MS Thesis Presentation by George C. Lo
Monday, August 2, 2004
(Dr. Suresh Sitaraman, Chair)
"Electroplated Compliant High-Density Interconnects For Next-Generation Microelectronic Packaging"
Dramatic advances are taking place in the microelectronic industry. The feature size continues to scale down and it is expected that the minimum feature size on the integrated circuit is expected to reach 9 nm by 2016, and there will be more than 8 billion transistors on a 310 cm2 chip, according to various available roadmaps. Subsequently, this reduction in feature size would require the first-level input-output interconnects to decrease in pitch size to meet the increased number of transistors on the chip. Also, to minimize the on-chip interconnect delay, development of low-K dielectric/copper will become increasingly common in future devices. However, due to the low fracture strength of low-K dielectric, it is essential that the first-level interconnects exert minimal force on the die pads and therefore, do not crack or delaminate the low-K dielectric material. It is also preferable to have a wafer-level packaging approach to facilitate test-and-burn in and to produce known-good dies. Based on these growing demands from the microelectronics industry, there is a compelling need to develop innovative interconnect technologies.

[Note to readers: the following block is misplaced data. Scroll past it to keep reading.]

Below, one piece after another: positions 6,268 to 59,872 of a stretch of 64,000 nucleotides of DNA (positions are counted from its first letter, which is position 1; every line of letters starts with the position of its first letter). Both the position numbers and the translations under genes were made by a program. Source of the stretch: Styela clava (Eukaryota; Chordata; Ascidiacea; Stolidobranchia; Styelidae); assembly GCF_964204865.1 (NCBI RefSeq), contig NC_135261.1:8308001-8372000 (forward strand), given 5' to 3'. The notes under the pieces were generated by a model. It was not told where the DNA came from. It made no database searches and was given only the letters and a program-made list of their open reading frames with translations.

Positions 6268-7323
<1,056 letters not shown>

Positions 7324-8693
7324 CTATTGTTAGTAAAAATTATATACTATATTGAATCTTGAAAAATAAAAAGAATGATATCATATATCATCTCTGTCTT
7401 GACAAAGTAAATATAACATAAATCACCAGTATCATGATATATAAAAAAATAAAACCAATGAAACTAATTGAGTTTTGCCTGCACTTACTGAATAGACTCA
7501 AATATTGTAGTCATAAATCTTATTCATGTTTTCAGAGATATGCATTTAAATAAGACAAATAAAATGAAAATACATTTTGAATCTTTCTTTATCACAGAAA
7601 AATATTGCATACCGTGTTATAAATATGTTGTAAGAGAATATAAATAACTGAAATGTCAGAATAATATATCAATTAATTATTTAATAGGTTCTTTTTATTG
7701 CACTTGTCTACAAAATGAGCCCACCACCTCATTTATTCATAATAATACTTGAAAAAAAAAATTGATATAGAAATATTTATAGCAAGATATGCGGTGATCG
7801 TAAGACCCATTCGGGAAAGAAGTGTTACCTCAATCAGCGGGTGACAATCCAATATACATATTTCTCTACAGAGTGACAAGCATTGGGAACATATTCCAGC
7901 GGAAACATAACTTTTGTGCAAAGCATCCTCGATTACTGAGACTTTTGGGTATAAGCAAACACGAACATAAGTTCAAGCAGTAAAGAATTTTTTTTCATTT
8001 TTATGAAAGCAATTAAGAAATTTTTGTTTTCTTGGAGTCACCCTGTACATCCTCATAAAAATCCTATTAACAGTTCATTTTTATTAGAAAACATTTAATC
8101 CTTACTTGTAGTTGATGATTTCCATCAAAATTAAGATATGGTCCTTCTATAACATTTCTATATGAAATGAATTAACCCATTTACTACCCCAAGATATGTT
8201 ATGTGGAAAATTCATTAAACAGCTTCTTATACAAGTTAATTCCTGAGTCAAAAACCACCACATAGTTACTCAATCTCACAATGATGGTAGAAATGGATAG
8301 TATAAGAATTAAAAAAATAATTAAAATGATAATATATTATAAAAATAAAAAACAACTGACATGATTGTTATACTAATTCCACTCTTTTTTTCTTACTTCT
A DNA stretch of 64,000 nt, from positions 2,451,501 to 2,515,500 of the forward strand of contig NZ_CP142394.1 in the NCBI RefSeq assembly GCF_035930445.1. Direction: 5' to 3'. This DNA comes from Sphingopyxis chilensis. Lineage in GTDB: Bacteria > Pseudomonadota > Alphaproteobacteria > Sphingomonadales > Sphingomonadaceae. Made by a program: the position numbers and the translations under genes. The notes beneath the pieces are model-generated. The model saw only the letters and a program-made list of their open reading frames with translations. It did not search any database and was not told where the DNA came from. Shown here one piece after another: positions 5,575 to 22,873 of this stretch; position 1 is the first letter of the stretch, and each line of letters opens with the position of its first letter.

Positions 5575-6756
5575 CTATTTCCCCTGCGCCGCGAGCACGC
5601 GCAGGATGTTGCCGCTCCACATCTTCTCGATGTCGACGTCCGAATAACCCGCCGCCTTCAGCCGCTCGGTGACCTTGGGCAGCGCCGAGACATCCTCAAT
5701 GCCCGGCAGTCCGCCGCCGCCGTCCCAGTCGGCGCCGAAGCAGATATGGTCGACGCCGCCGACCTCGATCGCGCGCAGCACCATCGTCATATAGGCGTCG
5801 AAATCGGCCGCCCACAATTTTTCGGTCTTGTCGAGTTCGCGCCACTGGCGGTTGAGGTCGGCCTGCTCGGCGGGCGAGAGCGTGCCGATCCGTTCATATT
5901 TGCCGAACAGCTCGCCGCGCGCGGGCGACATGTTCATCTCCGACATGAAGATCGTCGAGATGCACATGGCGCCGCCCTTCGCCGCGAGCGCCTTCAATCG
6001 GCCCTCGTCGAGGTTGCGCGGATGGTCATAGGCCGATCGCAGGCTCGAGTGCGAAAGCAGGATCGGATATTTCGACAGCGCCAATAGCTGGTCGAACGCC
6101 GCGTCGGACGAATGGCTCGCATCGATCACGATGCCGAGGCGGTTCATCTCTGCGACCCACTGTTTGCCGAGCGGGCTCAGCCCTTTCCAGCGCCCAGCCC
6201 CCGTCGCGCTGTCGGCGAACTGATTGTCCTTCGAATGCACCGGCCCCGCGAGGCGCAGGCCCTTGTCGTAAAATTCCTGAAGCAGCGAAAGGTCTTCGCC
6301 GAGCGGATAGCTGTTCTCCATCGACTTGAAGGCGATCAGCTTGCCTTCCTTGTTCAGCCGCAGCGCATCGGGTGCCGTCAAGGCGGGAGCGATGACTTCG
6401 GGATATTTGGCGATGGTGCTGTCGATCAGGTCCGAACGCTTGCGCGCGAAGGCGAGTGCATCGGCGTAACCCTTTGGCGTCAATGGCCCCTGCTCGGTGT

This thesis aims to develop one such innovative interconnect – G-Helix interconnect. G-Helix is a scalable lithography-based wafer-level electroplated compliant interconnect that has the potential to meet the fine-pitch first-level chip-to-substrate interconnect requirements. The three-mask fabrication of G-Helix is based on lithography, electroplating and molding (LIGA-like) technologies, and this fabrication can be easily integrated into large-area wafer-level fine-pitch batch processing. In this work, the fabrication, assembly, experimental reliability testing, and numerical physics-based modeling of the G-Helix interconnects will be presented.
The fabrication of the interconnects will be demonstrated at 100µm pitch
on a 20 x 20 mm die in a class 10/1000 cleanroom facility. The wafers with compliant
interconnects will be singulated into individual dies and assembled on substrates
using Pb/Sn eutectic solder. The assembly will then be subjected to air-to-air
thermal cycling and the reliability of the compliant interconnect will be assessed.
In addition to the thermo-mechanical reliability testing, some of the dies with
free-standing interconnects will also be used for measuring the compliance of
the interconnects by compressing with a nanoindenter. In parallel to the experimental
research, a numerical analysis study will also be carried out. The numerical
model will use direction-, temperature, time-dependent, and time independent
material constitutive properties as appropriate. The thermo-mechanical fatigue
life of the compliant interconnect assembly will be determined and compared
with the experimental data. Recommendations will be developed for further enhancement
of reliability and reduction in pitch size.